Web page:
Subject: Re: [NetBSD] 1.1 386 Hardware
To: John Dyson <firstname.lastname@example.org>
From: Jonathan Stone <email@example.com>
Date: 11/08/1995 11:09:48
CAVEAT: I do not speak for the NetBSD Core team.
Just for myself...
John Dyson writes:
>The bounce code substitutes a BAD physical address for a GOOD one. It
>handles the case of simple DMAable and non-DMAable ram. And
>for that purpose, it looks sufficient. Now the general case of handling
>multiple busses is a problem. The best thing appears to be to create
>an abstraction that supports the multiple busses. Couldn't you do
>something similar to vm_bounce_alloc, except provide the bus information --
>thereby giving a hint as to what bus the I/O needs to be routed to/from???
I think part of cgd's objections were:
* The mapping from a physical address as seen by an I/O device,
to the 'physical' address written into mapping registers, is
the identity function for x86 ISA devices. This isn't true
for other hardware (Alpha PCI/x86 devices).
* Some NetBSD platforms have multiple busses, and each bus may
have a different mapping from I/O bus "physical addresses" to
the addresses that need to be written into DMA mapping registers.
and John Dyson continues, later:
>The solution is not a "grotty" hack. It is sufficent in the simple DMAable
>or non-DMAable case. It requires little work to understand the code. The
>code is based upon rebuilding buffers with pages that can have I/O
>done to them -- very simple. It is called "bouncing".
/* LECTURE MODE ON */
I have always understood ``bouncing'' to mean a strategy for dealing
with deficient DMA devices that a cannot address all of a machine's
physical memory: that strategy is to allocate a buffer in the DMAable
memory, and then copy the data to its eventual location. (the obvious
optimization for non-disjoint DMAable and physical-memory spaces is to
eliminate the copy, when the target is in the DMAable range).
IMHO, this is *NOT THE SAME* as dealing with mapping registers for
busses, and mapping a given bus address into an appropriate address
space for a bus; or for managing the scacre resource of mapping
registers, which (talking in the abstract) may be shared amongst
*several* distinct I/O busses; or be duplicated, for some subset of
the busses on a particular machine.
It doesn't come close to dealing with the scenario of machines
with a *hierarchy* of busses, with mapping registers at distinct
points in the hierarchy. Which I think some VAXes had. (or have,
depending on your perspective).
It doesn't come close to addressing the issue of dealing with balky
bus-adaptor hardware which, occasionally, spontaneously resets itself,
and for which the contents of all DMA scatter/gather mapping registers
has to be re-programmed before pending I/Os can be restarted or
There may well be other issues I haven't touched on.
For example, some UNIBUS devices require exclusive use of the UNIBUS
whilst an IO operation on them is active. I don't know if the
NetBSD/vax port will ever support them; but they do exist. Heck,
the're even 4.3bsd drivers somewhere.
I also wonder about devices like Sbus-to-VME adaptors, which
presumably have similar issues when mapping DMA. Of course
some Suns have directly-attached VME buses, not just Sbus-to-VME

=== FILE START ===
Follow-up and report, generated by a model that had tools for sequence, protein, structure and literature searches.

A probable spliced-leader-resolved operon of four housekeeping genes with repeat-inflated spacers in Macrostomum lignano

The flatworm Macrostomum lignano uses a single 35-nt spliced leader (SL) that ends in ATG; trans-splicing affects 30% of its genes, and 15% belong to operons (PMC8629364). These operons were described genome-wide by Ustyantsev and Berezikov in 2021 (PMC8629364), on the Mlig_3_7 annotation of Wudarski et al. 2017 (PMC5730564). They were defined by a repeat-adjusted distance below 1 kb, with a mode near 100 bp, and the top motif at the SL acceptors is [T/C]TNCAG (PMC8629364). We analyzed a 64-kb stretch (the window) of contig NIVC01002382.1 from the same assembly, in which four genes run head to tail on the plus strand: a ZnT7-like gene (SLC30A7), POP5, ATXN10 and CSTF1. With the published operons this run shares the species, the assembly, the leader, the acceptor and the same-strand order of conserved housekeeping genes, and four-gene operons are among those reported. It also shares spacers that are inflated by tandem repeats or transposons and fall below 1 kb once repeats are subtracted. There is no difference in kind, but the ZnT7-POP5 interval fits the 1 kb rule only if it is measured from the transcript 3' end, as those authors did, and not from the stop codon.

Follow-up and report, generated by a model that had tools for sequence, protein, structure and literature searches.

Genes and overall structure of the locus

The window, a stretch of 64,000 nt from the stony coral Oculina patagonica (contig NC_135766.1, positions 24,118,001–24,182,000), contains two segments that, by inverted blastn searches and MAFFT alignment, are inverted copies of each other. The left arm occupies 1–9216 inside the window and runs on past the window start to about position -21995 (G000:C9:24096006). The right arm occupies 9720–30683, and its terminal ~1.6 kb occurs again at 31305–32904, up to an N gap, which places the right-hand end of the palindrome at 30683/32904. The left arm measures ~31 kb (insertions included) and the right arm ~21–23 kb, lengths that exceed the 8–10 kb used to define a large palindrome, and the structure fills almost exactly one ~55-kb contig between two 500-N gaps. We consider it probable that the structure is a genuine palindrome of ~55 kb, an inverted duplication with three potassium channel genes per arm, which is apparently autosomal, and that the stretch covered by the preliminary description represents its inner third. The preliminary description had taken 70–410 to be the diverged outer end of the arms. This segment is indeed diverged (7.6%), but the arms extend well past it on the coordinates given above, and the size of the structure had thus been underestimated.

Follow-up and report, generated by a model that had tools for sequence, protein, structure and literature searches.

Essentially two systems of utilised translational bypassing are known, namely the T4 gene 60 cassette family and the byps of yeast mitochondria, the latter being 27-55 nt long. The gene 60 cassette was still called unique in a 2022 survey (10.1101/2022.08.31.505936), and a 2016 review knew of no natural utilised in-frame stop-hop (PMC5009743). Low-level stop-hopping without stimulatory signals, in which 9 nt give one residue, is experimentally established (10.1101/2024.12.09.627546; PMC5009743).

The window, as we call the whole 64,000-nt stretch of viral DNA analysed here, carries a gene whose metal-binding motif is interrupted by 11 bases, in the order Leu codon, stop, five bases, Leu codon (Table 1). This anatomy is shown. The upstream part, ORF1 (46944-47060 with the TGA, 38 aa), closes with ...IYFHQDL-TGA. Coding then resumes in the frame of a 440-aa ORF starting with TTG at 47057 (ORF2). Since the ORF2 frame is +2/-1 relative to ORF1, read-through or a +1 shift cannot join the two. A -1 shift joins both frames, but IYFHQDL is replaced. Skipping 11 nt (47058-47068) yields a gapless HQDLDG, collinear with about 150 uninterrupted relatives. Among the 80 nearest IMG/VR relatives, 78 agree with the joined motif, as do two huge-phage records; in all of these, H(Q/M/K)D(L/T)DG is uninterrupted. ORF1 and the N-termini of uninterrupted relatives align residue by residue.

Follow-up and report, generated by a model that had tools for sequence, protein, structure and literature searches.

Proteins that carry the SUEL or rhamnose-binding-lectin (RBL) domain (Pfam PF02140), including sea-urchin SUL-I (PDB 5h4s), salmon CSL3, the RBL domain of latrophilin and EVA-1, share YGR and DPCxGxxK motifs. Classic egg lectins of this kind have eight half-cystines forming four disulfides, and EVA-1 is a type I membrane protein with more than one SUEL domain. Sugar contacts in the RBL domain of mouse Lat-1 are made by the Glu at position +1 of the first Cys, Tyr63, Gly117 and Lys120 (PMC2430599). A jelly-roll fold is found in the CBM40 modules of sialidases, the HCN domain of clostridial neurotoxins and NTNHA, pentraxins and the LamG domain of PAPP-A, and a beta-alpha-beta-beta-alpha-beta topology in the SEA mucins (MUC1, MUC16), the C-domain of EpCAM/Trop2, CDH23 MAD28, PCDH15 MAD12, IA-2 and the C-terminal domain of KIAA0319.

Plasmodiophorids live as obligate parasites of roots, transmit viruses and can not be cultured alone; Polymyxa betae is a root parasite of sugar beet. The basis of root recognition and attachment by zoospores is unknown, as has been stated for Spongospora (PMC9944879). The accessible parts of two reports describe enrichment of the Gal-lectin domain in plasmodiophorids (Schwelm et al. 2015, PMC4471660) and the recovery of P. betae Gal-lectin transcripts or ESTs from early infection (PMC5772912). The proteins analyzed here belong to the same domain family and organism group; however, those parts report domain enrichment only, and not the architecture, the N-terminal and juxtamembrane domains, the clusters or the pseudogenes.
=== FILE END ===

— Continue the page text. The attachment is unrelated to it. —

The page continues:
adaptors; and it would be regrettable if different drivers
for a given VME device were needed for the two systems.
If one is concerned about these issues -- and I sometimes am -- then
the x86 bounce-buffer strategy used in FreeBSD is not sufficent for
NetBSD's x86 targets. It's not clear that it's a even useful starting
point for drivers which address these other issues.
``There are more things in heaven and earth'', &c.
And since *one* of the platforms on which NetBSD ISA drivers
would be used, is maintained by a former NetBSD Core member,
it's not surprising to *me* that the NetBSD core team hasn't
adopted the FreeBSD bounce-buffer code. I'd hazard a guess that
the NetBSD core team don't think that the FreeBSD code does a
sufficient minimum *for NetBSD*.
>The position of the call to vm_bounce_alloc was carefully chosen to allow
>for replacement as needed. Since it is not called in many places, it
>is simple to be upgraded. Note that the only mistake that we(I) made
>was to have no arguments as to the type of I/O occuring.
Either you have a very broad interpretation of "type of I/O occurring"
(e.g., it includes attributes of the bus-connect topology to the
device on which the I/O is occuring, which *isn't* a "type" of I/O),
or your claim turns out not to be the case.
>The term "hack" being used for FreeBSD things and "design" being used
>for NetBSD things is exactly the reason why there has been problems
>between the teams. Please try to understand the background and
>reasoning before judging -- and then the people in the teams or groups
>might get along. I prefer a "hack" that works to a "design" that doesn't :-).
The horizons of the FreeBSD designs are limited -- not unnaturally --
by x86 hardware: there's neither need nor incentive to go further.
Which would you prefer: "hack", or "not adequate for some of the
systems we intend to support"?
>After this "lecture" -- lets not speak prejudicially,, and try to work this
>out in a scolarly fashion.
/* LECTURE MODE OFF */
Let's all be aware of the design parameters the other side considers
(a) necessary, and (b) important -- if, indeed, the relevant sides
even agree amongst themselves :).